This site is intended for health professionals only

At the heart of general practice since 1960

Read the latest issue online

CAMHS won't see you now

'No difference' between beta-blockers for heart failure

There is no significant difference between classes of beta-blockers in reducing mortality from heart failure, say researchers.

The study

The meta-analysis looked at 21 randomised trials that compared beta-blockers in patients diagnosed with heart failure with reduced ejection fraction, and looked at their influence on mortality. A total of 23,122 patients were included in the analysis across the 21 trials analysed.

The findings

Of all the beta-blockers analysed, atenolol and carvedilol had the greatest effect on reducing mortality, when compared with placebo or standard treatment, reducing the risk of death by 47% and 44% respectively. Bisoprolol was the next best, reducing risk by 35% compared to placebo or standard treatment. However, when these three were compared to other beta-blockers for the same outcome, there were no significant differences between them.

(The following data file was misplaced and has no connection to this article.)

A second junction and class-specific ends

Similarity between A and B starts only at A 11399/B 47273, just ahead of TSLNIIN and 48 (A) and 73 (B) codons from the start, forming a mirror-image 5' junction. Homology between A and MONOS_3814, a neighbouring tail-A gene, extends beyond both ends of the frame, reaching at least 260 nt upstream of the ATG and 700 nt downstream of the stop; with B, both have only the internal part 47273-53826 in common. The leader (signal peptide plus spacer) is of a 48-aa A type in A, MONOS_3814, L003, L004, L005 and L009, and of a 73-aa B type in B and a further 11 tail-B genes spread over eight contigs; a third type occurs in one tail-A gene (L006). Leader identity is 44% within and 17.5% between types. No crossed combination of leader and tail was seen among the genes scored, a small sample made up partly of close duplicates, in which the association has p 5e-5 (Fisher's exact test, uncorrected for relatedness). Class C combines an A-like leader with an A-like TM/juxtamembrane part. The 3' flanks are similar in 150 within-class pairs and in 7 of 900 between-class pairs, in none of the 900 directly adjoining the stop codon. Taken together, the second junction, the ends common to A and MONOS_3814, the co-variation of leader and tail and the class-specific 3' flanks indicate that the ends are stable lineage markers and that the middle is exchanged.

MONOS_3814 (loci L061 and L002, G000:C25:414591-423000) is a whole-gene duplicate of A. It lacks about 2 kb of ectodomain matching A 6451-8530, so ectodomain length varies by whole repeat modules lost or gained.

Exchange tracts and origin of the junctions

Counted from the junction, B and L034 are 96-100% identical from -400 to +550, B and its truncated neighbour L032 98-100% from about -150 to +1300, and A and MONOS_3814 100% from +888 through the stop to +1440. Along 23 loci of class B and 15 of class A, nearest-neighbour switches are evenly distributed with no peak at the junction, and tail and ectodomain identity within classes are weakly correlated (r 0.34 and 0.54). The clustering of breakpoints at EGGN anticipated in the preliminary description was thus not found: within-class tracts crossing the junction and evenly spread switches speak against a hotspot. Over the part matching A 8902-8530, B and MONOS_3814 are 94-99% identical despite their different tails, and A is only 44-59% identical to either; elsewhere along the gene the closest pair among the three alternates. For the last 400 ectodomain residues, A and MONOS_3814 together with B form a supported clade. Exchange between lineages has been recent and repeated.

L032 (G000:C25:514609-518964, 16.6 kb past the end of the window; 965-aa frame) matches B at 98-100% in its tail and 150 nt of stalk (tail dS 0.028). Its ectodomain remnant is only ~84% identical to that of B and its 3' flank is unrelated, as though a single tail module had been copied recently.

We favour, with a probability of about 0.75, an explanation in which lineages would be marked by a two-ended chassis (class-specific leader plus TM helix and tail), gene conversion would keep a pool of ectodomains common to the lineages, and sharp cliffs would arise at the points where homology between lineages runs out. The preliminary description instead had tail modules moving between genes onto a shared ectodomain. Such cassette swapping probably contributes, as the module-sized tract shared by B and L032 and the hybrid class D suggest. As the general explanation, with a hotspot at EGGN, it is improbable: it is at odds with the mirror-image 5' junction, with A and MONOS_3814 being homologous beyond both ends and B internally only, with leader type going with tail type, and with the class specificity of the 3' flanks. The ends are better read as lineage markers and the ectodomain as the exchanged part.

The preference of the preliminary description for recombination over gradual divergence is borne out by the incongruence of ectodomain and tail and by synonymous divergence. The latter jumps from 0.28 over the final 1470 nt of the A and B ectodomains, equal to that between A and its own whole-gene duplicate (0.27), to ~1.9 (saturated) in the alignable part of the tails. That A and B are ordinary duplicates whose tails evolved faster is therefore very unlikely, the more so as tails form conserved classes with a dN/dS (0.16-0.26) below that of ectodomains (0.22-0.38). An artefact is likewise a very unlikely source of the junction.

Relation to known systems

What it means for GPs?

The authors concluded that, given the lack of differences in improvement of mortality with individual beta-blockers, they considered it ‘pragmatic’ to infer that three agents – bisoprolol, sustained release metoprolol succinate, and carvedilol - should be used They said these drugs had been tested more extensively and had been shown to be superior to placebo.

Expert comment

Dr Ahmet Fuat, cardiology GPSI in Darlington: ‘The study concurs with current GP practice. The three beta blockers they recommend are the most commonly used, though I would also suggest nebivolol for older patients with erectile dysfunction.’

BMJ 2013, available online 16 January

Readers' comments (2)

  • Interesting. So back to Atenolol.
    Whilst mortality is an important "end-point", and since there are no significant differences between beta-blockers in that respect, what about quality of life comparing the beta-blockers.

    Unsuitable or offensive? Report this comment

  • mmm...beware thinking atenolol is therefore ok. Need to see the detail. The summary suggests bisoprolol, metoprolol and carvedilol (longstanding advice) and I agree with Ahmet on the addition of nebivolol for elderly. Atenolol has been shown in some studies to be significantly lets await the detailed debate before changing the accepted practice. Where is Philip Poole Wilson when we need him (RIP)...his talks around this were some of the most informative and helpful I have come across in my heart failure work.

    Unsuitable or offensive? Report this comment

Have your say